Aloha. Here are some Friday Questions from paradise.
Wayne starts us off:
Now that Mike Nichols is no more, who is the top director of comedy plays?
I don’t think there is only one. Joe Mantello is pretty hot. So is Scott Ellis. And Jerry Zaks. I’m sure there are one or two others. Or seven. At the moment I'm 7,000 miles away from Broadway. What do I know?
From Stephen Robinson:
Do you think late-night TV has gotten too overtly political? My memory of Carson or Bob Hope specials might be too rooted in youthful nostalgia but it seemed like the political humor was less "personal" and could appeal to anyone regardless of their political affiliation. Yes, these are very contentious times but so were the 1960s. This isn't to say that I don't think there's a place for political humor but I've seen clips of Samantha Bee and even Seth Meyers and they come across more like slightly funnier Keith Olbermanns (and I say this as someone who enjoyed Olbermann's COUNTDOWN series).
Political humor is in now. Jon Stewart on the DAILY SHOW and Stephen Colbert on THE COLBERT REPORT showed there was an appetite for political comedy. With the 24 hour news cycle I think world affairs are more in the forefront of people’s consciousness and late night hosts are just reflecting that.
But let’s see how funny this all seems in another month when we have our new president. When the insanity is too real we might not be laughing. (NOTE: Let this not be a cue to start arguing politics in the comments section. I will delete them. I’m on vacation and not in the mood. Thanks.)
Friday Question from Jim S.:
Whose career would you have rather had, Larry Gelbart's or Ernie Harwell's?
Boy, that’s a tough one. For those who don’t know one or both of these gentlemen: Larry Gelbart was a brilliant comedy writer – the Mozart of the form. Among his many credits are TOOTSIE, FUNNY THING HAPPENED ON THE WAY TO THE FORUM, OH GOD, and creating the TV version of MASH.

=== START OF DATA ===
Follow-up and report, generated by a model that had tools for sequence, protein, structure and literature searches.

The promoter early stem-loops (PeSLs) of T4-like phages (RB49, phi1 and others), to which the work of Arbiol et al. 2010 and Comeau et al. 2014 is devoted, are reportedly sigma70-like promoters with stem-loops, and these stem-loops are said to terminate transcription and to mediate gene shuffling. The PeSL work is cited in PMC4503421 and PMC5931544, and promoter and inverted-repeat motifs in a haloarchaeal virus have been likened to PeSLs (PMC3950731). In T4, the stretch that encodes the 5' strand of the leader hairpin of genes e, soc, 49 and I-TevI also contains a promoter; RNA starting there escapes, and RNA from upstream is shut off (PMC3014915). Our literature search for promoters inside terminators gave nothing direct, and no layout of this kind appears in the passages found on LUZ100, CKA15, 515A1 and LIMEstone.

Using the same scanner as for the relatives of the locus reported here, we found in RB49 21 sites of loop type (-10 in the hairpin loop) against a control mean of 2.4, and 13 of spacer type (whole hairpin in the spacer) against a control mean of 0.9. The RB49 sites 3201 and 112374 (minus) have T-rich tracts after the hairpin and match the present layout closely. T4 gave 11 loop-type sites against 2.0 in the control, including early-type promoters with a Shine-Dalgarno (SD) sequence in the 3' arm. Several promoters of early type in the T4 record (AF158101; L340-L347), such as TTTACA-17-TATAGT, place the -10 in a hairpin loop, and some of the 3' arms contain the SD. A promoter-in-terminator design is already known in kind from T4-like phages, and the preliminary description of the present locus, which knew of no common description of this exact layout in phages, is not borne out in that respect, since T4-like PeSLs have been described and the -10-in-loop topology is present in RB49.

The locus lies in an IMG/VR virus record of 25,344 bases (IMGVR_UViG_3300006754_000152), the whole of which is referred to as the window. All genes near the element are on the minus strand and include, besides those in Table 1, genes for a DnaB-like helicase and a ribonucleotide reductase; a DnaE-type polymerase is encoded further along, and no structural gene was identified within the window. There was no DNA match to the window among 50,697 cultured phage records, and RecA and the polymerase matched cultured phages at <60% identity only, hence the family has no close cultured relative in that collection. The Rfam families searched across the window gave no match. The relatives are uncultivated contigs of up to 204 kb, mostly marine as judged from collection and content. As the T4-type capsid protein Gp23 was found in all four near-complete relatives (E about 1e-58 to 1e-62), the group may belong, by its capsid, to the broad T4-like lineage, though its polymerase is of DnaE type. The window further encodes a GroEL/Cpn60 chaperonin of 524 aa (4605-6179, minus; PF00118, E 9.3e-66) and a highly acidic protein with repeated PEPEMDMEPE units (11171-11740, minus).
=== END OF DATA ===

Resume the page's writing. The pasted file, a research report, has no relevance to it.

Both were consummate gentlemen. I was honored to be their colleague, friend, and in the case of Larry Gelbart, co-worker.
At the end of the day, if I was forced to choose, I think I’d pick Larry. But I’d be lucky just to have half the career of Ernie Harwell.
The deciding factor: As much as I love baseball announcing, comedy is just part of my DNA.
And finally, from ScottyB:
Last night, I was watching the latest episode of "Designated Survivor," which has been pretty damn riveting. However, the first five minutes (or a similarly painfully long amount of time) were spent listing what seemed like 50 producers, co-producers, executive producers, co-executive producers, associate producers, consulting producers, etcetcetc. I'm sitting there thinking holy shit, the number of producers on this show must outnumber the number of extras.
So my question: What the hell?
Most of these are writers. A “produced by” credit means a line producer, someone who is in charge of the actual production. But all the co-executive producers and supervising producers and co-supervising producers – they’re just writers. They get bumps in pay depending on their title.
Ironically, the one title that isn’t given (because it isn’t sexy enough I guess) is the only title that matters. Show runner. He or she will be listed as “Executive Producer.” But when you see those titles go by just think “writer, writer, team of writers, writer.”
What’s your Friday Question? Leave it in the comments section. Mahalo.